Are Viruses Living Organisms or not

If the definition of life is that it must be made of cells, then the answer is no, because viruses are not surrounded by a cellular membrane.  However, perhaps it is time to revisit the definition of life, because viruses can certainly act like living organisms.  It is true that they are parasitic and cannot function outside of a host cell, but once they have invaded that cell, they are capable of reproduction, which is something that only living organisms can do.

What viruses share with all living organisms is the presence of the genetic molecules, DNA and RNA.  In fact viruses are little more than DNA wrapped in a protein coat.  Perhaps the definition of life should be extended to nucleic acids because they are the only self- replicating molecules.  Perhaps life began when the first self-replicating molecules evolved in the primordial soup.  The simplest cells are just packages for the replicating molecules:  protein packages that protect those molecules, with the formulas for the proteins coming from the DNA instructions.

The beginnings of life have always been mysterious.  For many, it was the sticking point for the theory of evolution.  How could life come into existence in the first place?  The experiments of Urey and Miller conducted in 1952 showed that complex organic molecules such as nucleic acids and proteins could form in the conditions thought at the time to be present in the early history of the earth.   There has been some controversy over the actual nature of the early atmosphere, but other experiments under reducing atmospheric conditions also produced nucleic acids and proteins. Once these nucleic acids formed and began self-reproducing, it could be said that a state of proto-life existed.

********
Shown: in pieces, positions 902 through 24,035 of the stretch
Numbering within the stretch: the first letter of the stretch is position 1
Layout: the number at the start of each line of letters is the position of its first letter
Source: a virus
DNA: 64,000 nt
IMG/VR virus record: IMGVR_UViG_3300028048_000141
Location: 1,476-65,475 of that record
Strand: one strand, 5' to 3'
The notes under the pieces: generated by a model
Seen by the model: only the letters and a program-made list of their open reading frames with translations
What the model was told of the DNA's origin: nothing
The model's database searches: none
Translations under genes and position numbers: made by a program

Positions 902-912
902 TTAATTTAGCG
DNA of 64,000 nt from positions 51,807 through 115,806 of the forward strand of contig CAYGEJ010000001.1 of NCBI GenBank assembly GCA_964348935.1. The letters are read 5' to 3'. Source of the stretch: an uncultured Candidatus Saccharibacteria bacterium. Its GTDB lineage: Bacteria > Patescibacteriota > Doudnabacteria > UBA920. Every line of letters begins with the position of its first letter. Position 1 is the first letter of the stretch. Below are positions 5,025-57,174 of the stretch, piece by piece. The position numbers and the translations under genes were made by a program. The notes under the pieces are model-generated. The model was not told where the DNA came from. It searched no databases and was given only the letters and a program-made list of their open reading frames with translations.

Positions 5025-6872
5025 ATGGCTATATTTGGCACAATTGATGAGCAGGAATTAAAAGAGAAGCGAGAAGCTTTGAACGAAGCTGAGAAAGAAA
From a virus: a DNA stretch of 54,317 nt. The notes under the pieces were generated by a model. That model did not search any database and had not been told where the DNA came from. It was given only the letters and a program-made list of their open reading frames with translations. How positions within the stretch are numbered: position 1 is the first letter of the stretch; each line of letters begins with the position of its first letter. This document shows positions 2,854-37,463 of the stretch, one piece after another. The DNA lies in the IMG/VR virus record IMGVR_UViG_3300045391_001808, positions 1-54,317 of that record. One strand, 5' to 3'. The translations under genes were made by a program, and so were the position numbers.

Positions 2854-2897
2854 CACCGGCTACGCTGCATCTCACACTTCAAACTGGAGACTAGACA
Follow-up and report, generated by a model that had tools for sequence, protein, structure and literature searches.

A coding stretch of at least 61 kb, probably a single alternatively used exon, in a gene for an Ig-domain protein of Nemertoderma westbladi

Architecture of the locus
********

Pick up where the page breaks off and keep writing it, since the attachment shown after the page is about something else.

So is this what viruses are?  A form of proto-life?  It is true that they are dormant outside of a host cell.  But once they have penetrated that cell, which they are fully capable of doing, they come to life in a way that is now described as virulent.  Virulent comes from the word virus and describes the devastating effects that a viral infection can have on its host.  The virus uses its DNA to change the host cells to mass producers of new viruses.  From the common cold to small pox to AIDS, viruses have caused biological havoc in millions of human beings.  Is this the work of a non-living organism?  I don’t think so.  Simple as they are, lacking a cellular membrane as they are, they still satisfy this most basic function of life:  they can reproduce very effectively.